- The Washington Times - Friday, March 27, 2009


President Obama continued collecting money for his 2010 Senate re-election campaign even after he resigned his seat from Illinois, including a maximum $2,300 donation the day after Christmas from a top executive of a Wall Street firm that had received a government bailout.

Four contributions - $4,800 in all - were donated to the Obama 2010 fund on Dec. 26, according to Federal Election Commission reports.

The money came from some of Mr. Obama’s top presidential fundraisers: Bruce A. Heyman, managing director at Goldman Sachs, which received a $10 billion bailout last year; Steven Koch, vice chairman at Credit Suisse First Boston; and John Levi, a lawyer at the law and lobbying firm of Sidley Austin LLP.

The donations are legal, but the timing is unusual because Mr. Obama formally left the Senate on Nov. 16 and already had a surplus in his Senate campaign treasury.

Under federal election law, Mr. Obama and five other former members of Congress now serving in his Cabinet or the White House can retain congressional campaign funds for years, even if they don’t plan to run for Congress again. They can spend the money for any political purpose.

Mr. Obama’s transportation secretary, former Rep. Ray LaHood, Illinois Republican, has given $60,000 of his leftover funds to help reduce the campaign debt of his son’s failed run for state office. White House Chief of Staff Rahm Emanuel, a Democrat who represented Illinois in the House, is one of three administration figures with at least $1 million left over in their congressional campaign funds, FEC records show.

“Other than converting the money to personal use, which is the one thing they can’t do, these campaigns can basically operate as political slush funds,” said Meredith McGehee, policy director at the nonpartisan Campaign Legal Center.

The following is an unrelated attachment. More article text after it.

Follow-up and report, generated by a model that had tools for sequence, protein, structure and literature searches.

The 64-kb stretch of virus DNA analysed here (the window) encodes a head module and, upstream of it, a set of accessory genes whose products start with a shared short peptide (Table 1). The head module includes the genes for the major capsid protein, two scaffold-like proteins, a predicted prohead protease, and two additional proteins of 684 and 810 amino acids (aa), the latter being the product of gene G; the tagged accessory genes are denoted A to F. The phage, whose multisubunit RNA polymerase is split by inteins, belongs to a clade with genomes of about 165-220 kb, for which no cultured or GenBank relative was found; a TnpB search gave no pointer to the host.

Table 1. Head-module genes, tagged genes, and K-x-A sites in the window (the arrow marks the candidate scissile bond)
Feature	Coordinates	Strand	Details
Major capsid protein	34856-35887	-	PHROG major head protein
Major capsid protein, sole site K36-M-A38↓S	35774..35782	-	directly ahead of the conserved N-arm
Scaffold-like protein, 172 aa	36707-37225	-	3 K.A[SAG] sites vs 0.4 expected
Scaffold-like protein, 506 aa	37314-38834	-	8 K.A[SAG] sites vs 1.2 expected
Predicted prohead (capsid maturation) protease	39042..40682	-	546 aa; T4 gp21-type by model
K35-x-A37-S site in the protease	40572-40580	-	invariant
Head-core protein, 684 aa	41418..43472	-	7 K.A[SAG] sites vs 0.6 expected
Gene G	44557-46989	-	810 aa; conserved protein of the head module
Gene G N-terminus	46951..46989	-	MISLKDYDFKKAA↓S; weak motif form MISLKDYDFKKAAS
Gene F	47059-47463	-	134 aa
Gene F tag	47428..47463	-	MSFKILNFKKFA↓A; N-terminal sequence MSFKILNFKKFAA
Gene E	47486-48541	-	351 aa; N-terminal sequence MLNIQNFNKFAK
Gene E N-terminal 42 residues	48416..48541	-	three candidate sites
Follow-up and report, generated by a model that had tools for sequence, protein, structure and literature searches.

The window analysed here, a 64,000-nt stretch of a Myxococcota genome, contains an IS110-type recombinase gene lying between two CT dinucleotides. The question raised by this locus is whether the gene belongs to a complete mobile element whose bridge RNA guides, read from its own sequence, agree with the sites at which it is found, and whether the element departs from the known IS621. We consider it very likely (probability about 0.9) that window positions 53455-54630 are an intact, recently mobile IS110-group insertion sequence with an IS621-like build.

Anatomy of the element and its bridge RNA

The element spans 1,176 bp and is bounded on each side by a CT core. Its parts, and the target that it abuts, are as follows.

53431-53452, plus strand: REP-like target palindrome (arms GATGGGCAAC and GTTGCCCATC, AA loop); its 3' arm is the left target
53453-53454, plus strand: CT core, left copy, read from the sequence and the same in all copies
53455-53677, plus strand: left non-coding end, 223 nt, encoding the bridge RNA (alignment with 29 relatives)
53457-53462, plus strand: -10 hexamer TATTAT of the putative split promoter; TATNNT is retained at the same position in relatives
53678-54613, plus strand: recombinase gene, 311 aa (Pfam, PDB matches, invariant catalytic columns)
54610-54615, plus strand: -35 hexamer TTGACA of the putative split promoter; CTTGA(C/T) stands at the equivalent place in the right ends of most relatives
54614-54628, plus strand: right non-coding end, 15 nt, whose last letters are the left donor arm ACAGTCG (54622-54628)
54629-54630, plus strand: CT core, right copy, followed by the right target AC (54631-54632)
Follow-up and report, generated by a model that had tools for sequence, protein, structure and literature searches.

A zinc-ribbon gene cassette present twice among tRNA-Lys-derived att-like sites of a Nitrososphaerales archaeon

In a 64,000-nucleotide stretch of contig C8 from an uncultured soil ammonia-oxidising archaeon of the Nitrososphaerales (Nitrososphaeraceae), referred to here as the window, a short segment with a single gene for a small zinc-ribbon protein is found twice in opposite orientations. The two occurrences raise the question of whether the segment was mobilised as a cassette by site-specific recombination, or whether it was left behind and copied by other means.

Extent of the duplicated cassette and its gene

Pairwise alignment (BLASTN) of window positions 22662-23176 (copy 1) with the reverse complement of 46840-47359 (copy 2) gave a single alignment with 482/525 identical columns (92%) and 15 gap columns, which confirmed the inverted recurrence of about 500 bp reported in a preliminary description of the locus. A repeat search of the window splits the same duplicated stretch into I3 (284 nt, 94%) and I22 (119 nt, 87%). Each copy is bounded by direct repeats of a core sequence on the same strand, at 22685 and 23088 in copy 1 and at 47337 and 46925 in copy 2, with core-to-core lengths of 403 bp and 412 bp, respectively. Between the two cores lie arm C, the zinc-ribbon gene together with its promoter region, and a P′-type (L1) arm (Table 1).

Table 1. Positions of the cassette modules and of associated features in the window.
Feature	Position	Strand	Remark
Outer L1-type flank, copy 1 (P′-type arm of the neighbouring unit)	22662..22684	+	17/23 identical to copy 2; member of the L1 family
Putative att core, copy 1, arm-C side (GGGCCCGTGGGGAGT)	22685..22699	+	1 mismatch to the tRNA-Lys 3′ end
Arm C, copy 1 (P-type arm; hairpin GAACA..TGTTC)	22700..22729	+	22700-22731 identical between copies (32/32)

“As much as people talk about change in Washington, and we’re seeing plenty of it, money still talks. And one of the ways you remain a political player is to make sure you still have money in your political account,” she said.

A former Obama campaign aide said the late-December donations collected for Mr. Obama’s Senate campaign were solicited “by a fundraiser who worked for the campaign to cover outstanding expenses that needed to be paid to wind down the campaign committee.”

At the time, Mr. Obama’s Senate campaign reported more than $100,000 in cash on hand, and his separately run presidential campaign fund was flush with $15.4 million in the bank.

Among the Christmastime contributions, $1,000 came from Mr. Koch, the vice chairman at Credit Suisse, who, like Mr. Heyman, raised at least $200,000 for Mr. Obama’s presidential campaign, according to data compiled by the watchdog group Public Citizen.

Phone calls to Mr. Heyman and Mr. Koch placed through their offices were not returned, and a Goldman Sachs spokeswoman declined to comment. John Levi, who gave $500, is a lawyer at the Chicago law firm of Sidley Austin, where Mr. Obama met his wife, Michelle, in 1989 while he was working as a summer associate and she was an associate at the firm.

Mr. Levi said he wasn’t authorized to discuss the matter and declined to comment.

The Obama appointees are hardly the first former members of Congress whose fundraising committees remained open after they took executive branch jobs. Former Attorney General John Ashcroft’s old Senate campaign fund remained active for years after he joined President George W. Bush’s Cabinet, as did the campaign fund for former Sen. Spencer Abraham, Michigan Republican, who was Mr. Bush’s first secretary of energy.

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